These were the messages that felt human, leaving us with a feeling of warmth, and a strengthened sense of loyalty. They used a voice that came out of who they are, what they’ve been, where they are going, what they believe. They were authentically drawn from each company’s real sense of purpose. Other companies felt the pressure to come out with a statement, too. But when they did not have the history to back up their words, the message felt hollow and patronizing.

So, the ultimate question. How can a company find an authentic voice to connect with people in crisis? Like all great changes, it begins with learning—who you are as a brand, and what you stand for.

  • A brand voice makes it possible for communicators across an organization to express its core beliefs—which means that before you find your voice, you have to have a deep look at who you are and what really matters to you. Look at your history as a company. What have been the moments where you showed the world your true colors? When has your company taken an action because of a value other than profits? Make sure to build that purpose into the voice.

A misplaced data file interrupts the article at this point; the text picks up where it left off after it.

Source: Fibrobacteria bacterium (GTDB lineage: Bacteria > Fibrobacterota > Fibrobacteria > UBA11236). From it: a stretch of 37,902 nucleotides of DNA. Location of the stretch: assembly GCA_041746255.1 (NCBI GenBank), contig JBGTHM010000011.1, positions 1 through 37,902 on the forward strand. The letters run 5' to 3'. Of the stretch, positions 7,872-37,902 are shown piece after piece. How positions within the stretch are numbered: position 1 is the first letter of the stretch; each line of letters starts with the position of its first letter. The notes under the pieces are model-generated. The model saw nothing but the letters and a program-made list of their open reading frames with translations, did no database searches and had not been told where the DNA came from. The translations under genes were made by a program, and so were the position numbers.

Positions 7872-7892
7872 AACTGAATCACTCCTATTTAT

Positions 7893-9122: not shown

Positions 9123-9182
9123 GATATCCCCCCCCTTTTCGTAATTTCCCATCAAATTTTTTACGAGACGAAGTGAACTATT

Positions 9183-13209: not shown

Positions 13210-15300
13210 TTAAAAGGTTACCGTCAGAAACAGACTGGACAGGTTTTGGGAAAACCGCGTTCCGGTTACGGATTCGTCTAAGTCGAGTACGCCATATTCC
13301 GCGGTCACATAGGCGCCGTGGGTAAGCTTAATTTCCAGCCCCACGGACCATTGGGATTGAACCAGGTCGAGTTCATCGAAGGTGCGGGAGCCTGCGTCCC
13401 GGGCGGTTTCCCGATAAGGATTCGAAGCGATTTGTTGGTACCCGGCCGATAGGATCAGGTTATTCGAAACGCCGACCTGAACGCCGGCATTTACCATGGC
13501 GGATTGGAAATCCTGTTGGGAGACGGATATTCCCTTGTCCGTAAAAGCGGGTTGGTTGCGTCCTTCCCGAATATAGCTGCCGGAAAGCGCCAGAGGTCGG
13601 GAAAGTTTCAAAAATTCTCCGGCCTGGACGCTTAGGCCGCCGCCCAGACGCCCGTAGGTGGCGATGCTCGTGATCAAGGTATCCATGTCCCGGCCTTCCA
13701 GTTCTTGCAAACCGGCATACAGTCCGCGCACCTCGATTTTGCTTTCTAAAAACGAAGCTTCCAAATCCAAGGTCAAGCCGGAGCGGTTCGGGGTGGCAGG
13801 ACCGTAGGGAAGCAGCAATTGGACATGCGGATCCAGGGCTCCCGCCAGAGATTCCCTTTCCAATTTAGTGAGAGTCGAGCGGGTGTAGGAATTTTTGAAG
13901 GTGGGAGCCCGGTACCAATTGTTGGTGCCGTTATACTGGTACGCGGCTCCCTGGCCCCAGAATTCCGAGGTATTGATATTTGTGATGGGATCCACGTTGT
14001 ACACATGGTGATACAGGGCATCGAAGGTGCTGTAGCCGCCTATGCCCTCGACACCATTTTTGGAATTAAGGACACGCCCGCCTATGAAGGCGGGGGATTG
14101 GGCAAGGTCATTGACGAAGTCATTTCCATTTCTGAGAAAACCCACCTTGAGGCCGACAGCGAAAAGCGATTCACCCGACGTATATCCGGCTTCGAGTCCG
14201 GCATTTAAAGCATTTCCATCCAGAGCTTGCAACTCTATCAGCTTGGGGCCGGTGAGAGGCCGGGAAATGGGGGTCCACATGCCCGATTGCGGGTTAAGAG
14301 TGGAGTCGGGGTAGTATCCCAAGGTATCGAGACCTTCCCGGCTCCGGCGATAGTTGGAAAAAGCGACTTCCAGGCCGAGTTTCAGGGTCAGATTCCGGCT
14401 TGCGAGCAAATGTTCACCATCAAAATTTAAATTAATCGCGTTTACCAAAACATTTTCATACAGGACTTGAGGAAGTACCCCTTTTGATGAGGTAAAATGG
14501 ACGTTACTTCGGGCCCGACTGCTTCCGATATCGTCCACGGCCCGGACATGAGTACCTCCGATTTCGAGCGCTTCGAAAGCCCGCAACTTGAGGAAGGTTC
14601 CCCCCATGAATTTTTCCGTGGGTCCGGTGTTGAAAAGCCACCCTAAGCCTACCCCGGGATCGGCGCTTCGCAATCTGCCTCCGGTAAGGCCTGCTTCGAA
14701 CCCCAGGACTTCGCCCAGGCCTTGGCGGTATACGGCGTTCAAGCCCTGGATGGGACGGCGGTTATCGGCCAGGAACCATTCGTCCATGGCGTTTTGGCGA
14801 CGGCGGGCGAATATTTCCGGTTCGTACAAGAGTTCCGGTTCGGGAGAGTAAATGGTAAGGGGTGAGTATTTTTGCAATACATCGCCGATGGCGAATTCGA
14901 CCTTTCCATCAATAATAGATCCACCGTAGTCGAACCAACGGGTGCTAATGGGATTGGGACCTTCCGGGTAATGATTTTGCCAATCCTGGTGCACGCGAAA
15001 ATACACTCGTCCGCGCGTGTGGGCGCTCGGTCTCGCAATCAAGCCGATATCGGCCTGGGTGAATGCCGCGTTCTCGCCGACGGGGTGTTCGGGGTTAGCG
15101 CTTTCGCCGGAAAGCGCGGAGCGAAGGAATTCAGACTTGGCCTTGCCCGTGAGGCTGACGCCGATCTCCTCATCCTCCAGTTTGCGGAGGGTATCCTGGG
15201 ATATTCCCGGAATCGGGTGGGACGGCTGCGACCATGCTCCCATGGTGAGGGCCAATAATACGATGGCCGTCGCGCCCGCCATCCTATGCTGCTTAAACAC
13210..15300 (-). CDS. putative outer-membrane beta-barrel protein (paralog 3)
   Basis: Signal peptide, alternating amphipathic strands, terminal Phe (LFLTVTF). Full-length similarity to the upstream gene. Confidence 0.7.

• A brand voice is a living, flexible tool that anyone can use—not just those of us who self-identify as writers. Start with big ideas about how you want to sound as a brand, finding a single persona or a short list (no more than three!) of attributes. But then, get granular. Find the tactics that everyone can employ every time they express themselves as the brand. Remember that the tool has to work for all circumstances, so help users learn to flex depending on the message and the audience.
  • A brand voice can unite your employees and change the way you work for the better.  Invest in training for all stakeholders and partners—and emphasize the importance of using the voice every day. In our experience, when leadership is really behind the implementation of the voice, that’s when it becomes a company-wide habit that affects the way work is done.

Final Thoughts

Brand voice is not a trend. Brand purpose is not just a mural on the wall behind reception. As we see in today’s ecosystem, when they are real and true and prioritized, these tools enable companies to express themselves with strength and resolve. Then, when a crisis hits, there’s no need for soul searching. There’s no need to panic. The only thing to do, is to let the purpose guide and the brand voice do its work, enabling messages and responses that come directly from the company’s core. And, in times of chaos and uncertainty, those are the voices we hear most clearly—and the voices we desperately need.

Learn more about Prophet’s verbal branding work and start using communication tools to express your brand and business strategy.